Modern western culture recognizes 88 constellations. I don’t have that list memorized.
But when I reached a particular point in writing Devouring Light, I grew certain that among those 88 patterns must be a great ape. How could there not be?
I could see Mercurio (my protagonist) conversing with a wise and ancient primate while perched on the massive bough of a rainforest tree in a starry jungle of the eighth sphere. I could hear them speaking.
And there’re tons of animals included in the constellations. The familiar ram, bull, and great bear (Aries, Taurus, and Ursa Major). Plus a boatload of more obscure ones, such as the hunting dogs, the goldfish, and the peacock.
There must be an ape. Or, better yet, apes in the plural.
So I went looking. Eagle, swan, and wolf. No ape.
Centaur, pegasus, and unicorn. No ape.
Even microscope, table, and furnace! But no ape.
What about other cultures?
Traditional Chinese star groupings have the three enclosures – Purple Forbidden, Supreme Palace, and Heavenly Market – and the 28 mansions within them. Among those, the winnowing basket, the turtle beak, the ghost, and the chariot sound pretty cool. But no ape!
Dash it! I’d been sure I’d find a reference to a wise great ape somewhere in oriental star lore. But I hadn’t. And I knew Mercurio met with the chieftain of “elder cousins” manifesting the form of apes.
Luckily…I’m a fiction writer! If I couldn’t find an existing mythology involving apes, I’d create one!
I felt drawn toward language for inspiration, so that’s where I looked next.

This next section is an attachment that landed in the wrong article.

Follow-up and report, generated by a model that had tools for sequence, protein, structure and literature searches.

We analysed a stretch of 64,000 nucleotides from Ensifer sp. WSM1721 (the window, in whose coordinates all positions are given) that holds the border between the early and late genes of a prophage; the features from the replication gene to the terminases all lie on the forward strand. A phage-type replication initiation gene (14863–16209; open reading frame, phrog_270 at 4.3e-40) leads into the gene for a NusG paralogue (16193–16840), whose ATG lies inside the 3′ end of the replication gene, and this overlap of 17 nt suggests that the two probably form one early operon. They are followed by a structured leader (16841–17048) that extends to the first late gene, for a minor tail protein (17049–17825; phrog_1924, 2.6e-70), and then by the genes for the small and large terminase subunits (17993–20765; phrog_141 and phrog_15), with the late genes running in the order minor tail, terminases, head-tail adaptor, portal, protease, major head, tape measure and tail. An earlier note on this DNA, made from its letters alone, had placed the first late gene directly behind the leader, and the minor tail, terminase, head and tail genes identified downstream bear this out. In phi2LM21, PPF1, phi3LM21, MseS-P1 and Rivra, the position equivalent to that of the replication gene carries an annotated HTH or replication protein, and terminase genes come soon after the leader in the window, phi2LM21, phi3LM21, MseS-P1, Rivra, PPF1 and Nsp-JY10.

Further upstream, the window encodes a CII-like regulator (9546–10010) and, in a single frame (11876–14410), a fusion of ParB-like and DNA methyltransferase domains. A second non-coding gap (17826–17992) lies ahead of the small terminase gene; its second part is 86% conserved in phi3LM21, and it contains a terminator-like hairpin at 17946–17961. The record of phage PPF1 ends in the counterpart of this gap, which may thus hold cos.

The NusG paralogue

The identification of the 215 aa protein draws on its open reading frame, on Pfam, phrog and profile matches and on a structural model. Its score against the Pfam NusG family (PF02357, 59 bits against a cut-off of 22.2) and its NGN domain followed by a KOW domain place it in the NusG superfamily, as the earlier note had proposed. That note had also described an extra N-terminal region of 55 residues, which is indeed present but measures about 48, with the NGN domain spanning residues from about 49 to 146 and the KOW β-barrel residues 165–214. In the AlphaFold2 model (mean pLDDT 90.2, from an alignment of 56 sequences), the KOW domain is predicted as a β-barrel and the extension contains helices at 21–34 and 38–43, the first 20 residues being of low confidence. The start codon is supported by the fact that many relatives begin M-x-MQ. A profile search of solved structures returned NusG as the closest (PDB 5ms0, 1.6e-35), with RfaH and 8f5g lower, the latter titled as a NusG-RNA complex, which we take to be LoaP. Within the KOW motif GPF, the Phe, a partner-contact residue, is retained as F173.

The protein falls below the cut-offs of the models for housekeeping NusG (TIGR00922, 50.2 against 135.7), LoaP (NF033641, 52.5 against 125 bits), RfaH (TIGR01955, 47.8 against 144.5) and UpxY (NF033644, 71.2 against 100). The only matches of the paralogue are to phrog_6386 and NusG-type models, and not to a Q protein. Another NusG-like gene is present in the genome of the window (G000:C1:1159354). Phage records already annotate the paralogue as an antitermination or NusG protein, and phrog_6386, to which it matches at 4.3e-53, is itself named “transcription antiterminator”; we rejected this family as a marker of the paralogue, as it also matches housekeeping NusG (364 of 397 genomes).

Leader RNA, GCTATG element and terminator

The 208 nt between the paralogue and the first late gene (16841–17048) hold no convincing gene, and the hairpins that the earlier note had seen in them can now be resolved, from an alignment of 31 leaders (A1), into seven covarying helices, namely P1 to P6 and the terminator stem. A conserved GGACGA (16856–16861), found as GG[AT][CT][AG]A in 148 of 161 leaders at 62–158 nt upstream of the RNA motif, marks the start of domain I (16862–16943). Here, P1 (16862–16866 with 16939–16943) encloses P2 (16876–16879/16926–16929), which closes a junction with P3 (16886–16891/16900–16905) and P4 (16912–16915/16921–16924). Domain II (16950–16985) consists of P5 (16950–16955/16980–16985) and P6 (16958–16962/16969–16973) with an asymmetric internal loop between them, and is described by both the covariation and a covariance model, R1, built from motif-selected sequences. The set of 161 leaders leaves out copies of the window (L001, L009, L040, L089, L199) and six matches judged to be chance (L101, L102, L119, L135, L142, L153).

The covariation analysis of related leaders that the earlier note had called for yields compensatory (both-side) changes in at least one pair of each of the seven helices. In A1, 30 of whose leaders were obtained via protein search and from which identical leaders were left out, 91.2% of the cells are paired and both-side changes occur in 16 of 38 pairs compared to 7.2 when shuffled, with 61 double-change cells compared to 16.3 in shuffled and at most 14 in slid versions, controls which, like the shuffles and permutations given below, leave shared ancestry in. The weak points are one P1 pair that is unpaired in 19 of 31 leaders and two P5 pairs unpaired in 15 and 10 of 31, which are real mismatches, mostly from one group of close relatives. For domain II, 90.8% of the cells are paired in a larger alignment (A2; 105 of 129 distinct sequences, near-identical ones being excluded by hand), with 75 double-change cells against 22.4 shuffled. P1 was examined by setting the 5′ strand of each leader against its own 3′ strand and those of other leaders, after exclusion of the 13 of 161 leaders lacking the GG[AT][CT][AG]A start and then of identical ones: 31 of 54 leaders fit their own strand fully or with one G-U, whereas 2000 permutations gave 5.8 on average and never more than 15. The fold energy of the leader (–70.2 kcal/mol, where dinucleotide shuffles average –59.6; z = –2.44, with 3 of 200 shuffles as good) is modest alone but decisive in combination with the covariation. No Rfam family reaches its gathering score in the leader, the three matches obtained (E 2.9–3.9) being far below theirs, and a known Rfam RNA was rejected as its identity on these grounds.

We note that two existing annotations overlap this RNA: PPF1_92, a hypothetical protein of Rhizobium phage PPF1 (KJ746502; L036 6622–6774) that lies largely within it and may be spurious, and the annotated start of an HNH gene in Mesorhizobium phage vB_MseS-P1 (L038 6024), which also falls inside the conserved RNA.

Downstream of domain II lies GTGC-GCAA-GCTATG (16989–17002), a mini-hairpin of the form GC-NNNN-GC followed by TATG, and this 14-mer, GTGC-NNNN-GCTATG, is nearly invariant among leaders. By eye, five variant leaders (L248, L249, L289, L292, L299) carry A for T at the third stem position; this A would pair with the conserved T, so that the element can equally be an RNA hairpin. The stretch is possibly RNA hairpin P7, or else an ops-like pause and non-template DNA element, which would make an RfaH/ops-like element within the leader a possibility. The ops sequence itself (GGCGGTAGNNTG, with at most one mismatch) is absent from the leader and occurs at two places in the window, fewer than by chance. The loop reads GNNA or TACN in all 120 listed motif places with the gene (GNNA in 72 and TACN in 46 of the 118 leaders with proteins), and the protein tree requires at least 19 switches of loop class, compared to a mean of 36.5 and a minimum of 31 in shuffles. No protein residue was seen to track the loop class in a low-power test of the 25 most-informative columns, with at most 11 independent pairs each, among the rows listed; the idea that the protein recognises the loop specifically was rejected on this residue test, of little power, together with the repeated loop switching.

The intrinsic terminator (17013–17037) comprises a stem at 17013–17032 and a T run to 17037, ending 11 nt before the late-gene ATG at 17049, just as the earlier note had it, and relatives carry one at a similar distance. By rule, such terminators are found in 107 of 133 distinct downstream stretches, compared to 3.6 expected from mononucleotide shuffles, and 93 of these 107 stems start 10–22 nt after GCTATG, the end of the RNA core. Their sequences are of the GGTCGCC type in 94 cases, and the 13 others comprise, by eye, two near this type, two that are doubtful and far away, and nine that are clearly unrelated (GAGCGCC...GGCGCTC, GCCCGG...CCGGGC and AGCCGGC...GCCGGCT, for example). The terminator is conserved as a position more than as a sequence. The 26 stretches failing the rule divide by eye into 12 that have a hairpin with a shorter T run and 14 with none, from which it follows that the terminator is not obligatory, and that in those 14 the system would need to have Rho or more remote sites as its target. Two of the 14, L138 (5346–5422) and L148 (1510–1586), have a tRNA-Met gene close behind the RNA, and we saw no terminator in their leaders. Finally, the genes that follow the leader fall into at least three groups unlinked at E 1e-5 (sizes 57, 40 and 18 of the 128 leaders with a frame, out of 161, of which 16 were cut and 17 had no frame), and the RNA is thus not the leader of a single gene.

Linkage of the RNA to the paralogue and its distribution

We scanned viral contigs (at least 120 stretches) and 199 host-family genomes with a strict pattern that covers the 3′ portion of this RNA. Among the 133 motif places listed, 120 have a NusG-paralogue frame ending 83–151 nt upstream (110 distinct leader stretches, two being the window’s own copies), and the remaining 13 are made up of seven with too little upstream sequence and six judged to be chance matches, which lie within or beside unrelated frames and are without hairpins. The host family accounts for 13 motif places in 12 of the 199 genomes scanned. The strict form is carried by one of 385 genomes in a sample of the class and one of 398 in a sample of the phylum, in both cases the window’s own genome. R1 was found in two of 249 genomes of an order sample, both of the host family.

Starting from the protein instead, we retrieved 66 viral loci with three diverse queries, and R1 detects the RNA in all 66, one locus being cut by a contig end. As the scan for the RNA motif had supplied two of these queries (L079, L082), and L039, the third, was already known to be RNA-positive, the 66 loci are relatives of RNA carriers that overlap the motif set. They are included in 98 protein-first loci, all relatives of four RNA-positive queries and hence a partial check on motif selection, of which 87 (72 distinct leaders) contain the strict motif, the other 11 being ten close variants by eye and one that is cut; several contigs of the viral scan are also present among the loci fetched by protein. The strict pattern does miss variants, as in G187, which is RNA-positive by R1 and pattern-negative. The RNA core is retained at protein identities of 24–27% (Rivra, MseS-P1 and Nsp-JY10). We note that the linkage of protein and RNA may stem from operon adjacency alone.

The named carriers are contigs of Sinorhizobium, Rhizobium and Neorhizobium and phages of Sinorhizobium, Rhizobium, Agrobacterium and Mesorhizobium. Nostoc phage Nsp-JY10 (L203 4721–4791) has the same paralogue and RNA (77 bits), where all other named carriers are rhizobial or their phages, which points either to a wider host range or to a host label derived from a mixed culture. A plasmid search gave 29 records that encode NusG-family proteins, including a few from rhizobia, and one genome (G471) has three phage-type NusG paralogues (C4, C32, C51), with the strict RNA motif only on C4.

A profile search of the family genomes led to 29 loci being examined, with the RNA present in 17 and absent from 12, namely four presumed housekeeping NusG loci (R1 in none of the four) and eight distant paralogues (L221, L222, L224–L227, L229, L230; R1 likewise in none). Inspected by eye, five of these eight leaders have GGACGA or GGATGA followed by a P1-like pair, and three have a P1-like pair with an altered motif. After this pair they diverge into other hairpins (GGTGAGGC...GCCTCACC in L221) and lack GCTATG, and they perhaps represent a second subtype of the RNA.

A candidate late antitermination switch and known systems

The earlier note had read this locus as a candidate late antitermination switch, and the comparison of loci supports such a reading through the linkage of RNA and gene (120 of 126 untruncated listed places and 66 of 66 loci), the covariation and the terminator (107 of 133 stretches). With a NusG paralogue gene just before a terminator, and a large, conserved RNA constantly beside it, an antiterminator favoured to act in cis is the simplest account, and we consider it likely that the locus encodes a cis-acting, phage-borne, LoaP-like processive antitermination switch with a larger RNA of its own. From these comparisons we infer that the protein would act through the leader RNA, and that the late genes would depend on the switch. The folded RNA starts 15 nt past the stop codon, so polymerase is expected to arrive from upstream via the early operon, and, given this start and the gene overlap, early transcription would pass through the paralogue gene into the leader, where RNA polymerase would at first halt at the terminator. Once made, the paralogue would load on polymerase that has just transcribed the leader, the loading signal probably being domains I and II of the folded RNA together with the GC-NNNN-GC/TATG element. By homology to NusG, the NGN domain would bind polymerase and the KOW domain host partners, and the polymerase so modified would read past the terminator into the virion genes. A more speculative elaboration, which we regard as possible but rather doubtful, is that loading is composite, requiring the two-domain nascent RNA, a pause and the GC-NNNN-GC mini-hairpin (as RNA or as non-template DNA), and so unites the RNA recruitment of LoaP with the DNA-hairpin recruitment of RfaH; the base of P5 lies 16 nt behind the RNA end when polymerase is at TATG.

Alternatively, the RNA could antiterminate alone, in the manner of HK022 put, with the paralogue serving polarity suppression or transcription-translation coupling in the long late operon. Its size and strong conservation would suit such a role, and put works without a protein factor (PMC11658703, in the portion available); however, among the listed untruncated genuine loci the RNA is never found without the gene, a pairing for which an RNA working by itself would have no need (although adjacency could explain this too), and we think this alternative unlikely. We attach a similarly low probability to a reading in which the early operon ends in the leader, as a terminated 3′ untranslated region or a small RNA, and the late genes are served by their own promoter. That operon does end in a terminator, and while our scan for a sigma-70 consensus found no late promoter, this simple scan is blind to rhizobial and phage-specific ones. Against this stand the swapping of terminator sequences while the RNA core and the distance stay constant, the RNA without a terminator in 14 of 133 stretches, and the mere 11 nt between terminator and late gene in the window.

The Latin for monkey is simius (male), simia (female), and simiae (plural). My constellation would be the Simiae – the Apes.
What about the English word? What are the origins for the word monkey?
Obscure! It might derive from a character named Moneke in a German version of a fable entitled Reynard and the Fox, published around 1580. Hmm. No juice there. At least, not for me.
I eventually wound up on a Wikipedia page about the Chinese pictograph for monkey.
I went looking for that page as I wrote this blog post. And could not find it. I almost wonder if I imagined it – except I didn’t.
This time (while attempting to retrace my steps) I arrived at an article with the title “Monkeys in Chinese Culture,” which informs me that, “Monkeys, particularly macaques and gibbons, have played significant roles in Chinese culture for over two thousand years.”
And, further, that Chinese deities were said to appear at times in the guise of monkeys, while many Chinese mythological creatures resembled monkeys or apes.
Now that would have been very useful when I approached writing the monkey scene in Devouring Light.
However, the notes on the pictograph proved fertile ground. I read of the various pronunciations for the word in Cantonese, Mandarin, Korean, and so on.
From them, I derived the names of my Simiae.
Old Jyutping, the chieftain, wise and earthy (despite his celestial nature) and indigo-furred.
Saru, who is nimble, beautiful, and clever – with fuschia fur.
Pinyin Hou enjoys riddles and sports a pelt of lime green.
Ko indulges in practical jokes, as well as the polar opposite: meditation. His fur is bright cyan.
All four are superb gymnasts and acrobats.
I wrote my scene. It remains one of my favorites! 😀